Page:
Chief Human Resources Officer candidates on campus

Each discussed the recruitment, retention and development of top talent in their forum

Published by Matthew Glover, Date: December 10, 2023

Slippery Rock University (SRU) hosted three candidates in the last two weeks for the Chief Human Resources Officer position.

Each candidate was told to prepare a 10-minute presentation focusing on the recruitment, retention and development of top talent then answer questions from the audience.

Chief Diversity Officer Anthony Jones chaired the search committee. He was excited about the three strong candidates with all of them having at least 20 years of HR experience. He is also excited to remove many of the interim titles in administration as the university continues to hire.

Kristen Irey was on campus Oct. 16 and prioritized maximizing the power of recruitment and retention in her presentation. Most of her experience is in the public-school sector.

She used data she could find online like SRU vacancy rates compared to national averages, the university’s Glassdoor rating and how likely employees are to recommend SRU as a place to work.

Glassdoor is a website where employees can share with others what it is like to work for their company. SRU’s rating was a 4.5 out of 5, Irey said.

Irey said SRU can use these high ratings, awards and DEIB (Diversity, Equity, Inclusion and Belonging) recognitions to attract candidates with the value of its brand. SRU can be proactive in recruiting at job fairs, putting a greater emphasis on employee referrals and using social media campaigns that highlight staff instead of only students.

Irey also emphasized creating opportunities for mentorship and the active role HR plays in supporting employee mental health.

“An employee who is burned out is not only jeopardizing their health, but they’re not performing their job to the best of their ability,” Irey said.

Anita Orozco, the second candidate, was on campus Monday. Her presentation emphasized understanding developing top talent.

Through her 30 years of experience, and after recruiting SRU students, she has learned that top talent looks different in every organization. Top talent makes life easier for themselves, their coworkers and the organization as a whole.

Orozco also expressed willingness to move struggling employees to a different position where their skills may fit better instead of “returning them to the community,” as she put it. She said people are sometimes not hired into the best role for them, and she has experience moving people to different positions better suited to their knowledge and skillset.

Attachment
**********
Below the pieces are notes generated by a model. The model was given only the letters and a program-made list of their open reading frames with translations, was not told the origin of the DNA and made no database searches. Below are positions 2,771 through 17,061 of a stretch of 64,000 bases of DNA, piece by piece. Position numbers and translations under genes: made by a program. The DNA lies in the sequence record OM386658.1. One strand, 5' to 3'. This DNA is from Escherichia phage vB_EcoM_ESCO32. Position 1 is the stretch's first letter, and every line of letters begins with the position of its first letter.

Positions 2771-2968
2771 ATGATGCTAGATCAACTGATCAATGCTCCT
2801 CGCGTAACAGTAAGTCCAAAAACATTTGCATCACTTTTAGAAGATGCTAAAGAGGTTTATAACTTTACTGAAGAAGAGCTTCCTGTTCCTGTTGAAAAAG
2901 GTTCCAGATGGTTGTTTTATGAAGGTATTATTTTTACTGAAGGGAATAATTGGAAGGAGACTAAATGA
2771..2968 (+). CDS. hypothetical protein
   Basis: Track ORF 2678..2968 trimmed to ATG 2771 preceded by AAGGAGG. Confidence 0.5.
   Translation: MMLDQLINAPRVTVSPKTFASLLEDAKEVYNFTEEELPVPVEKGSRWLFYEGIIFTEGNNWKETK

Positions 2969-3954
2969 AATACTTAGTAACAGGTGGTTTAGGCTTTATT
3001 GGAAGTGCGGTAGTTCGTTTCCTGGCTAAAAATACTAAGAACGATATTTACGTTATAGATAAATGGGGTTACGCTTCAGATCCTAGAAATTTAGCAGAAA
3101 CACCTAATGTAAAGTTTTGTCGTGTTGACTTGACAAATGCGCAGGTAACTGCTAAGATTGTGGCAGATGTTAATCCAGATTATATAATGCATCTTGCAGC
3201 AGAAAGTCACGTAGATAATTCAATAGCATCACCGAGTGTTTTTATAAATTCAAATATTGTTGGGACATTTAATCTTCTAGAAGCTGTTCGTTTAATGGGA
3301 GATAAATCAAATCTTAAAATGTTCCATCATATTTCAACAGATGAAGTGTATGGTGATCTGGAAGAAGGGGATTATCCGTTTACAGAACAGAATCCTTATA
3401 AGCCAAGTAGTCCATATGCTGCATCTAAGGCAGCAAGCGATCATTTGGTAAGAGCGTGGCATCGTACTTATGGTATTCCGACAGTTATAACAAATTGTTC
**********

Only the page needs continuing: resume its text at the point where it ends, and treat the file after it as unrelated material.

“Once you find the right fit for the right person, all of the sudden, someone that might not even have been performing very well goes right to the top,” she said.

Orozco also said the university can retain top talent by treating them differently including seeking them out, providing development opportunities and considering their goals. After finding the top talent, the university can look at the outliers who could be in the wrong position for them to reach their full potential.

She also emphasized the importance of candidates knowing the university’s mission and values and was happy to see that as one of the first documents delivered in the hiring process. She said the university’s and candidates values must match for them to be happy here, and the candidate must see those values through every step of the candidate experience.

Instead of exit interviews, Orozco has used “stay interviews” to find out what employees enjoy about working for an organization. She said a leader needs to listen to employee concerns but be honest when remedy is difficult or unfeasible.

The third candidate, SRU’s current Interim Chief Human Resources Officer Holly McCoy, spoke at her forum on Tuesday. McCoy has been in the position for about one year and three months and has worked at the university for 20 years.

“If we think about hiring and employment as a linear process, you recruit to retain to develop,” she said, “but it’s really a circular process.”

McCoy began by discussing retention, or “engagement,” and explained that just because employees have worked at SRU for a long time does not mean they are happy and actively contributing to the organization. To retain them, the university must focus on individual wellbeing, relationship building and creating meaningful work.

Benefits are not just healthcare and retirement plans anymore. Benefits may include opportunities for remote work and allowing flexible daily hours. Candidates also want to see a welcoming, inclusive community where the majority also stands up for underrepresented populations.

Meaningful work also creates job satisfaction when employees see how it affects the larger department or organization. She also advocated for offering advancement opportunities similar to corporate entities then outlining the training or education needed to advance.

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Matt is a senior majoring in Strategic Communication and Media with a concentration in converged journalism and minor in Political Science. He enrolled at SRU as a junior in the spring 2021 semester and contributed to The Rocket before becoming the news editor in fall 2022. Before that, he wrote sports articles for The Penn at IUP. Matt spends his free time playing music, socializing with friends, and playing with his cats, Max and Odele. Matt is graduating in December and is currently actively seeking employment.


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